For those who suffer from sleep apnea, using a CPAP machine is essential for getting a good night’s sleep. But while a CPAP machine can help you avoid the interruptions to rest caused by sleep apnea, it doesn’t necessarily help you fall asleep faster.
Many people still struggle to fall asleep as quickly as they would like or have trouble sleeping well because of other issues affecting their sleep environment — in other words, their bedroom.
By making a few important changes to your bedroom environment, you will make your space more conducive to falling asleep quickly and staying asleep so you can get the rest you need.
1. Turn Down the Thermostat
If you’ve ever had the air conditioner go out during the summer, you know how hard it is to fall asleep when you feel hot and sweaty. However, many of us keep our bedroom temperature too high to fall asleep quickly.
In fact, the Sleep Foundation recommends keeping bedroom temperatures between 60 and 67 degrees Fahrenheit.
While that may sound chilly, this helps you fall asleep faster by lowering your body’s temperature (a process that occurs naturally as you get ready for sleep). If you feel chilly, you can always layer on additional blankets until you feel more comfortable.
2. Improve Your Bedding
Everyone has different comfort preferences for their bedding. Regardless of whether you prefer a firm or soft mattress, there are a few warning signs that it’s time to get a new mattress — particularly if your current mattress if over 10 years old.
Bedding that noticeably sags or has lumps or rips is likely causing you to feel stiff and sore when you wake up in the morning. Don’t forget about your pillow, either — if you need to fluff your pillow all the time, it’s probably time for a replacement.
Many people who have trouble falling asleep benefit from adjustable comfort-control mattresses that mitigate a partner’s tossing and turning or adapt to their preferred sleep position. A weighted blanket can also help you feel calm and relaxed so you fall asleep faster.
3. Eliminate Light and Noise
The body’s circadian rhythm, which controls wake and sleep cycles, is heavily influenced by exposure to light. This means you should keep your bedroom as dark as possible when it’s time to go to bed. Even the dim glow of a night light can disrupt your body’s sleep cycle, keeping you from getting into deep sleep.
Don’t forget about external sources of light, either. Light coming in through your window can also keep you up, so block it with blackout curtains or a sleep mask.
Noise from outside or down the hall can also disrupt sleep, even if you keep things quiet in your room. Inconsistent, sporadic noises will wake you up or make it harder to fall asleep. A white noise machine can produce a steady, soothing sound that drowns out your noisy neighbors so you can relax and drift off.
4. Hide Your Electronics
Though this is partly an extension of the “eliminate light” tip, the prevalence of electronics in our lives makes this point worth emphasizing. Smartphones and other electronic devices emit an artificial blue light that is known to suppress your body’s production of melatonin, the hormone that helps us fall asleep. Blue light is actually worse for melatonin production than other light sources.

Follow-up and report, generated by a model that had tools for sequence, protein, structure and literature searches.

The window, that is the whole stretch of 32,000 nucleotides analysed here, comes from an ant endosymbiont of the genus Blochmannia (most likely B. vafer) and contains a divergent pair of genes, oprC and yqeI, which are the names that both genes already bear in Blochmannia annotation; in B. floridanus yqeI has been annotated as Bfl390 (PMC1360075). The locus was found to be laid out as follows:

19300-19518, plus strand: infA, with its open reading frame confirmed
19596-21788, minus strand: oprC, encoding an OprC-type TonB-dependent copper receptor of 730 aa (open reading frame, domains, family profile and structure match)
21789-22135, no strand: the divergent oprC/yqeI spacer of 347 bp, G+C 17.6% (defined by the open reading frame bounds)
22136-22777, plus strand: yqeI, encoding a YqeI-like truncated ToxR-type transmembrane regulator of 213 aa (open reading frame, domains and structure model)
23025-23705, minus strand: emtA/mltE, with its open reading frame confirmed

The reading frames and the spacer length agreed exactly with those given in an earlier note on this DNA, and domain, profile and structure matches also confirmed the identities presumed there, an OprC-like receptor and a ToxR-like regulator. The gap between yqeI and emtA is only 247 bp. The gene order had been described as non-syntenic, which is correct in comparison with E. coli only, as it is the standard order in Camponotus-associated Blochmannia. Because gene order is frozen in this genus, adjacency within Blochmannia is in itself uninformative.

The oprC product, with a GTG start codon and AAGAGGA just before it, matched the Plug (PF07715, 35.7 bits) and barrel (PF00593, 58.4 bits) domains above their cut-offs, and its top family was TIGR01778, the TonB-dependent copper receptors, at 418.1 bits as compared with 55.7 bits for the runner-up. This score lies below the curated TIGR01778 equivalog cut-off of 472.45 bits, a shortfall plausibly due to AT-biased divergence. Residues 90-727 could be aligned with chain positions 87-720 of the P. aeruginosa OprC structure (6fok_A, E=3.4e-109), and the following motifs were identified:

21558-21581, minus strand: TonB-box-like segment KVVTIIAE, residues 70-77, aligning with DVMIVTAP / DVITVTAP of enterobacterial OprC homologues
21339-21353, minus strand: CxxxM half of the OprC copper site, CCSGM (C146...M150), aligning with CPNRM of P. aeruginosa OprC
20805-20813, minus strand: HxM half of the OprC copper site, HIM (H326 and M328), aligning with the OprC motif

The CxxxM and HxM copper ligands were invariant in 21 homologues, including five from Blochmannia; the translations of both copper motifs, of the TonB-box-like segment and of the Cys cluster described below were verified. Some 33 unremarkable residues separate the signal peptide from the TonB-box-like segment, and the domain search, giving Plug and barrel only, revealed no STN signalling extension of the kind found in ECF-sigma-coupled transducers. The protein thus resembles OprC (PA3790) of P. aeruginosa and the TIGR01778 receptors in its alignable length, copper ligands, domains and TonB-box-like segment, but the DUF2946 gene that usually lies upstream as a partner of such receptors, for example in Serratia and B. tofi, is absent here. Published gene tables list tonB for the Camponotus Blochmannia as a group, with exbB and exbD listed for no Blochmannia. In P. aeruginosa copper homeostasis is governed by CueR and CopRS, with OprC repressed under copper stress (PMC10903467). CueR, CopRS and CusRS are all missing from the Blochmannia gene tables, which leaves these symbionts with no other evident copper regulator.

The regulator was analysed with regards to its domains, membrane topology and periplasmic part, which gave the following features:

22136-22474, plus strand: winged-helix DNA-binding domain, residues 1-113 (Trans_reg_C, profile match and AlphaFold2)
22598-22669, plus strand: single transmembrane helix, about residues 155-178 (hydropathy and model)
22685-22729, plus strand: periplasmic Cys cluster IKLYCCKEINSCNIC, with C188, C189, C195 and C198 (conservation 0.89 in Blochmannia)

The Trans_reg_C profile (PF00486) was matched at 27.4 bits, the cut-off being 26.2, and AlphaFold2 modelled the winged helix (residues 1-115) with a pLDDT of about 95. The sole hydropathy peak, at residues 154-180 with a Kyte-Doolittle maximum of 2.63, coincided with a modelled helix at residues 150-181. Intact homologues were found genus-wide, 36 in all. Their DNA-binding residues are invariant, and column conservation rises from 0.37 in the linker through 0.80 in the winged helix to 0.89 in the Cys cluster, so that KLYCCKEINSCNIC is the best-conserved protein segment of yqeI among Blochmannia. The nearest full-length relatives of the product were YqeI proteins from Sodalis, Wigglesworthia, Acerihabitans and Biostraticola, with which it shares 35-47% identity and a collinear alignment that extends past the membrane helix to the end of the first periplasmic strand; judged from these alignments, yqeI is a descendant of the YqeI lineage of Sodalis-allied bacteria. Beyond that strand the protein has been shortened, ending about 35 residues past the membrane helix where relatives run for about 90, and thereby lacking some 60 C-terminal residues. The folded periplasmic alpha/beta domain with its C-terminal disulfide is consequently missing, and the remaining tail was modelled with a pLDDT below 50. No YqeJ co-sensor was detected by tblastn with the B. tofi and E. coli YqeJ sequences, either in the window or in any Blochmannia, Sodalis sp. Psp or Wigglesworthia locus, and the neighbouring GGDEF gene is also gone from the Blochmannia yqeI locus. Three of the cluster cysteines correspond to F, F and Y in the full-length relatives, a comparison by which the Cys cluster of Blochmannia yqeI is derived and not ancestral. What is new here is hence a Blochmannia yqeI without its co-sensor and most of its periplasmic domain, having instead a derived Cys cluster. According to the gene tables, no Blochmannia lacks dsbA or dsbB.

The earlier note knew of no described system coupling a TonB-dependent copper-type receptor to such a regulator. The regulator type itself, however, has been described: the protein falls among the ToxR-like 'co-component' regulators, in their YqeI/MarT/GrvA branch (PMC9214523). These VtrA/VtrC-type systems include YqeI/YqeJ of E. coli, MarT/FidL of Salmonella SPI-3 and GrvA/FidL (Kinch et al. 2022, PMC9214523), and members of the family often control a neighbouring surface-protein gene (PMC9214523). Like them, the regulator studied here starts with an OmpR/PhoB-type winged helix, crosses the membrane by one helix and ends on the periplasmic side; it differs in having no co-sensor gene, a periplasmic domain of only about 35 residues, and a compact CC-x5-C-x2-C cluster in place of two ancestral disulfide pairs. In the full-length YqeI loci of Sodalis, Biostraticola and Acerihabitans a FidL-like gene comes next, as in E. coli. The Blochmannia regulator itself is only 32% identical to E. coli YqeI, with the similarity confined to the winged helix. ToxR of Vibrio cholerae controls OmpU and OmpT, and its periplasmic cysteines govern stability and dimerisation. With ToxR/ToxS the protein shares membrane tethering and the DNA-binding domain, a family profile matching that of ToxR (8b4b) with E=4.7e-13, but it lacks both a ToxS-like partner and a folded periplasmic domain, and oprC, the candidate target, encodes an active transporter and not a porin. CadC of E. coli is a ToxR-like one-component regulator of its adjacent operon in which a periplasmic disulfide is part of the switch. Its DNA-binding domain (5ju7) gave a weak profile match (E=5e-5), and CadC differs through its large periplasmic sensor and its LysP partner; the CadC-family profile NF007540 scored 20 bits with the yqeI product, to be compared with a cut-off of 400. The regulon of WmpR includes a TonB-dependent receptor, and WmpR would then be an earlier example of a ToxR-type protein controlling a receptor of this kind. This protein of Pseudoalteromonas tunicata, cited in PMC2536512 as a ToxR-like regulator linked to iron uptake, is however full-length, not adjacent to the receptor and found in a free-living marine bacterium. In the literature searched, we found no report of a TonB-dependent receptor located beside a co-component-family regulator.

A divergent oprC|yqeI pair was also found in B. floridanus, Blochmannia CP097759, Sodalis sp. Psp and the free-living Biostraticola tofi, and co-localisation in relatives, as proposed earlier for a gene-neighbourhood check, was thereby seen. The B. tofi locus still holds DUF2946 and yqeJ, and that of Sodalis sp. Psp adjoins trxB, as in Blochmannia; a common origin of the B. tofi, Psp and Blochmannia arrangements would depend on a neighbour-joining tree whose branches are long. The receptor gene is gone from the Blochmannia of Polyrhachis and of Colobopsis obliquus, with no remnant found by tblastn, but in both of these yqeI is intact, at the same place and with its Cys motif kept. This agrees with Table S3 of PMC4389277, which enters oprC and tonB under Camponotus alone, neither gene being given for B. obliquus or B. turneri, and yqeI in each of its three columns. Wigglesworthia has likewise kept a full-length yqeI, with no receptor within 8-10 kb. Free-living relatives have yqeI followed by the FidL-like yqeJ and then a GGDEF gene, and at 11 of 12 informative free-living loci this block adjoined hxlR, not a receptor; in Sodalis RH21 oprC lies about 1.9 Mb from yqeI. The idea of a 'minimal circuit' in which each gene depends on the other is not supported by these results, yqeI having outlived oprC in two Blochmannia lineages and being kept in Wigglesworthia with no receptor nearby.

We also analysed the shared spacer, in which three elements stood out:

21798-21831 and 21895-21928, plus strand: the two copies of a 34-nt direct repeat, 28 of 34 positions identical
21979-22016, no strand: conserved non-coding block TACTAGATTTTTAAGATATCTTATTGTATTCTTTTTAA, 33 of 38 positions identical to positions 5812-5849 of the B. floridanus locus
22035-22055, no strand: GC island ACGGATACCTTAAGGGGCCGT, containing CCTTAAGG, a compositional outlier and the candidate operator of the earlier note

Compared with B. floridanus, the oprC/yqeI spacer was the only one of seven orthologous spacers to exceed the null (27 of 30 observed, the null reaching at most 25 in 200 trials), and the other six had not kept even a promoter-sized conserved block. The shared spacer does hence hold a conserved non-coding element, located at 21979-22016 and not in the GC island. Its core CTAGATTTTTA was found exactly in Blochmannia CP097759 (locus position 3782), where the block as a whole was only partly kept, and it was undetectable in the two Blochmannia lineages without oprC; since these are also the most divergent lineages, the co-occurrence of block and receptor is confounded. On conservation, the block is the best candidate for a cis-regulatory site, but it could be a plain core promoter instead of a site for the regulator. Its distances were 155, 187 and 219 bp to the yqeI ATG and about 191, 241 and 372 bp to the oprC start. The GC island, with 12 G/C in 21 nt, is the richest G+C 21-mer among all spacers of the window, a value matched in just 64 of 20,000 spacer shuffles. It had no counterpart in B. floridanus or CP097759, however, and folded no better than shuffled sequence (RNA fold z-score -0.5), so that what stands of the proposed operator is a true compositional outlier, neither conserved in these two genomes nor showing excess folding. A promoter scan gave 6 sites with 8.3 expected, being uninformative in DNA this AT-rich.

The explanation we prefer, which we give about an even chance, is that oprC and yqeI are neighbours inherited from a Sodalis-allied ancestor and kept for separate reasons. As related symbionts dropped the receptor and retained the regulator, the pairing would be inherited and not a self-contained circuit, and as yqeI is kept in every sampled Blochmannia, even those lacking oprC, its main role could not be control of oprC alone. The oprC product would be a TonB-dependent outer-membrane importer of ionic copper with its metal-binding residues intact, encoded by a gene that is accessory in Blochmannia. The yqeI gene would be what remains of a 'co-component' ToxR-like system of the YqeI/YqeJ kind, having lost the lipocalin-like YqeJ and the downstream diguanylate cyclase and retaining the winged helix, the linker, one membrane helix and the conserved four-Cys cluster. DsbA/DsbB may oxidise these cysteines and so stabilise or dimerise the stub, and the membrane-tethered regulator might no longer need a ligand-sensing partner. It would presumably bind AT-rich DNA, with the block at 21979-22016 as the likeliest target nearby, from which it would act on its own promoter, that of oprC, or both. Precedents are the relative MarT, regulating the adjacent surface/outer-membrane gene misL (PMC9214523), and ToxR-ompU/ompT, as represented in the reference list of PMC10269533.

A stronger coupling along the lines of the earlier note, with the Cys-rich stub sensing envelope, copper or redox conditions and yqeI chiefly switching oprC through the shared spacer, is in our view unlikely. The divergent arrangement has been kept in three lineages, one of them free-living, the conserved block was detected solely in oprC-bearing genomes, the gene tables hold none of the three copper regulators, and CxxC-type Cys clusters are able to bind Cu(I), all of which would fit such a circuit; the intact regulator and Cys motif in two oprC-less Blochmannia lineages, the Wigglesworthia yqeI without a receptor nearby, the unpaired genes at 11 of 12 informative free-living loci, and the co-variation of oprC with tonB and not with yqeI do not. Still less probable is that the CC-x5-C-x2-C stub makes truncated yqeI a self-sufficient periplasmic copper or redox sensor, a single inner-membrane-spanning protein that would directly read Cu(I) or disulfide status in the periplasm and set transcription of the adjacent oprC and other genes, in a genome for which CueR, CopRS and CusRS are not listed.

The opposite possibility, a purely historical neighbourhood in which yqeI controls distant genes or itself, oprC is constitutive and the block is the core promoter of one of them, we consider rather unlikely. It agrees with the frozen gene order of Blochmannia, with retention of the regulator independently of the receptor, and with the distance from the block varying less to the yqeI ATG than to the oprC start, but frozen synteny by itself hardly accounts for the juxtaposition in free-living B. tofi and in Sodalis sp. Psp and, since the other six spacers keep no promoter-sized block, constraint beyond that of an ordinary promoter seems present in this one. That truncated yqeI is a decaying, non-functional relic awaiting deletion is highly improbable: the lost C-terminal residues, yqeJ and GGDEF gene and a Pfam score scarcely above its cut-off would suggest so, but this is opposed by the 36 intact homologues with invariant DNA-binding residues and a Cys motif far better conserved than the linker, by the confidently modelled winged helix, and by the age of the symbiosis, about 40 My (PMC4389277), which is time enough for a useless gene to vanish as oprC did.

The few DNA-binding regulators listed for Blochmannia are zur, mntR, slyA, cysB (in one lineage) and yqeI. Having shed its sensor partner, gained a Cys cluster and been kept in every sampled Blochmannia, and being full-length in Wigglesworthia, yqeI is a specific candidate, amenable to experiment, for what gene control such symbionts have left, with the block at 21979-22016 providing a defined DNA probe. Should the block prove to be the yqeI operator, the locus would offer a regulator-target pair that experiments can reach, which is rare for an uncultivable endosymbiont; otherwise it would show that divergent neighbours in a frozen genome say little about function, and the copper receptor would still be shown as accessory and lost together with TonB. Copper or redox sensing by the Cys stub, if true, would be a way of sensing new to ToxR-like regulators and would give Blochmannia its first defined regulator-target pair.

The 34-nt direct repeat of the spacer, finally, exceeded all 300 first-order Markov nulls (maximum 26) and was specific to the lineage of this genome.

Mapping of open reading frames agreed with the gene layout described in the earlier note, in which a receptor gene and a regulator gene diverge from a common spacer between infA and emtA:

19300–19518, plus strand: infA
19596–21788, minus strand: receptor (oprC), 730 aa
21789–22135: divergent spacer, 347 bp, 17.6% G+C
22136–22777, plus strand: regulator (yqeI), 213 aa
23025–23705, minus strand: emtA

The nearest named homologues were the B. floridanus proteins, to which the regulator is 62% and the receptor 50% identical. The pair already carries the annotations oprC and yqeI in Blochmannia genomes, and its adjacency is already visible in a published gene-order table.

Because of this, you should keep TVs, computers, and smartphones out of your bedroom. For one thing, only using your bedroom for sleep will create subconscious sleep cues for your body. When you go into the bedroom, your body will recognize that it’s time for bed.
Even if you aren’t actively using your smartphone, you can’t control when a notification from a text or app will pop up. A screen that lights up periodically during the night can disrupt your sleep.
5. Clean Up the Clutter
For many people, the bedroom is a private sanctuary. But if that sanctuary is a cluttered mess, it could actually be keeping you from sleeping as well as you should.
Unsurprisingly, items tied to other activities can serve as distractions that keep you from viewing your bedroom as a true sleeping area. Exercise equipment, a work desk, and other items cause you to view the bedroom as more of a multipurpose room, rather than a place that is truly meant for sleep. These items should be moved to other parts of the home.
However, any form of clutter can also disrupt sleep. Whether your bedroom is filled with piles of dirty clothes or stacks of paper, clutter can subconsciously stress you out. Clutter makes you feel like you have things you need to do, and can intensify feelings of frustration and exhaustion. The resulting anxiety can make it harder to sleep — so clean up your room!
Help Yourself Sleep Better
Sleep apnea patients require more than a healthy sleep environment to get the rest they need — they also need a CPAP machine to ensure that sleep apnea doesn’t wake them up throughout the night. While this equipment can seem expensive, No Insurance Medical Supplies will help make it more affordable for your needs.
In addition to offering discounted prices on equipment from brands like Philips Respironics, Fisher and Paykel, and ResMed, available financing can help break your purchases into affordable monthly payments. Our items ship quickly after you place your order, so you can get the equipment you need right away.
With the right CPAP equipment and a quality bedroom environment, a good night’s sleep will soon be something you can truly look forward to.